The DHIS2 Core Team uses Docker to make development and testing efforts easier every day! It allows us to spin up various environments with any DHIS2 version, numerous tomcat versions and different components, such as Redis, NGINX, in no time. Because we wanted to share Docker with the community, we made publishing Docker images a part of our delivery pipeline. This guide aims to provide some guidelines on how to use Docker to quickly set up DHIS2.

Prerequisites

This guide requires familiarity with containerization as a concept, running shell commands, and knowledge about how Docker and Docker Compose works. I encourage you to take a look at the resources section below to get up to speed.

Additionally, you will need:

  • Docker downloaded and installed on your machine.
  • Docker Compose downloaded and installed on your machine.

Introduction

Vocabulary

Image - a template that contains the application and all the dependencies that are required to run that application.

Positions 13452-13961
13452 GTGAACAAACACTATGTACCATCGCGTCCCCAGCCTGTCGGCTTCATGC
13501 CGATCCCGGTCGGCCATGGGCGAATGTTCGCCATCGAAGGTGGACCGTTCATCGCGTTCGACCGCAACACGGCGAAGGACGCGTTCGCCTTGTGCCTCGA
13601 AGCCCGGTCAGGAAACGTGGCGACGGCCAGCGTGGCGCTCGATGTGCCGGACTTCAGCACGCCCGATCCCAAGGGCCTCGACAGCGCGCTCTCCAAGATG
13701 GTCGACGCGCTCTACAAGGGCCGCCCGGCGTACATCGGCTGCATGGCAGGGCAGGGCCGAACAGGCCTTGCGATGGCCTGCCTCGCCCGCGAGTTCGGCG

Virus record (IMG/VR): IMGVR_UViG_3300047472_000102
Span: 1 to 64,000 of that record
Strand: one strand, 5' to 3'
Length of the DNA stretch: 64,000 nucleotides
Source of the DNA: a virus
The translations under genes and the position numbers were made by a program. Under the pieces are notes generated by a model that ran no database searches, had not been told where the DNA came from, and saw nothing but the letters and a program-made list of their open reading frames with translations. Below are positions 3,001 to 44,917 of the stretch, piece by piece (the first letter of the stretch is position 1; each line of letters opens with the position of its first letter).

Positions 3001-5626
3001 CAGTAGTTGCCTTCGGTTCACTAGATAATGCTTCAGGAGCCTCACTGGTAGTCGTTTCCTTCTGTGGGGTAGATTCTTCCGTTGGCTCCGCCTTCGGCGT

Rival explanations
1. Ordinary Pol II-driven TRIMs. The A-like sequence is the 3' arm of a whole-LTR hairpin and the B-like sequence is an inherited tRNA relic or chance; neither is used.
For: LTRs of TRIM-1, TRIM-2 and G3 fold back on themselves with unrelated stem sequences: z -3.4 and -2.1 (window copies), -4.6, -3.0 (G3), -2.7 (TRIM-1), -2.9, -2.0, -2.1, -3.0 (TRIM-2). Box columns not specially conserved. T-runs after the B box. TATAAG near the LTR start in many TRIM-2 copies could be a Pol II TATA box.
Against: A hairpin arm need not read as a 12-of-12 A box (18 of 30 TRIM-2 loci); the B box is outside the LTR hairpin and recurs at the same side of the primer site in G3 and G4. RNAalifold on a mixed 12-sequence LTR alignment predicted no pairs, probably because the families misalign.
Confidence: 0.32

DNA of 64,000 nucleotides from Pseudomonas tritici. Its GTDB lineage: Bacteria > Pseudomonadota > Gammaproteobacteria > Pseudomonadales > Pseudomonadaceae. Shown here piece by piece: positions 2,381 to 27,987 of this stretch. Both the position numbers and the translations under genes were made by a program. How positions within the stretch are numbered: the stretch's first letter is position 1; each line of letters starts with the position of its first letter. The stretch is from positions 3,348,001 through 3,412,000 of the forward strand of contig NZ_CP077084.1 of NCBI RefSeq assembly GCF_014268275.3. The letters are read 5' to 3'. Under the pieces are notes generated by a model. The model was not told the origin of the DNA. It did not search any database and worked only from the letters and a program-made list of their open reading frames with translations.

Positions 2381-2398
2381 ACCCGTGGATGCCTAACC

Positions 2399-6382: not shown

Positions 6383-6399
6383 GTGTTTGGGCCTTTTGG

Container - a running instance of Docker image.
Dockerfile - text file, with lines and instructions on how to build the Docker image. More information about Dockerfile.

Docker Hub

Docker Hub is the official cloud-based repository where Docker users store and distribute their images. DHIS2 has its organization on Docker Hub. At the time of writing this guide, we have 4 active repositories: base-dev, base, core-dev, core.

Repositories

Sometimes we categorize repositories in channels and say that we have 2 image channels: dev and stable.

Channels

dev

Repositories suffixed with -dev contains images for latest DHIS2 versions. That means, that we can’t fully guarantee its quality and we recommend to use it only for testing purposes. Also, for curious souls, wanting to peek into the latest DHIS2 development efforts. The -dev repositories are ideologically the same as dev demo instances on play. Images in this channel will be overwritten multiple times a day.

Links: core-dev, base-dev

stable

Repositories not suffixed by dev contains images for stable and released DHIS2 versions. These images represent the stable dhis2 versions, meaning it won’t be rebuilt in the future.

Links: core, base

Images

core

Core repositories (core, core-dev) contains tomcat images that already have DHIS2 war baked-in. That means, that starting this image will result in a running DHIS2 instance.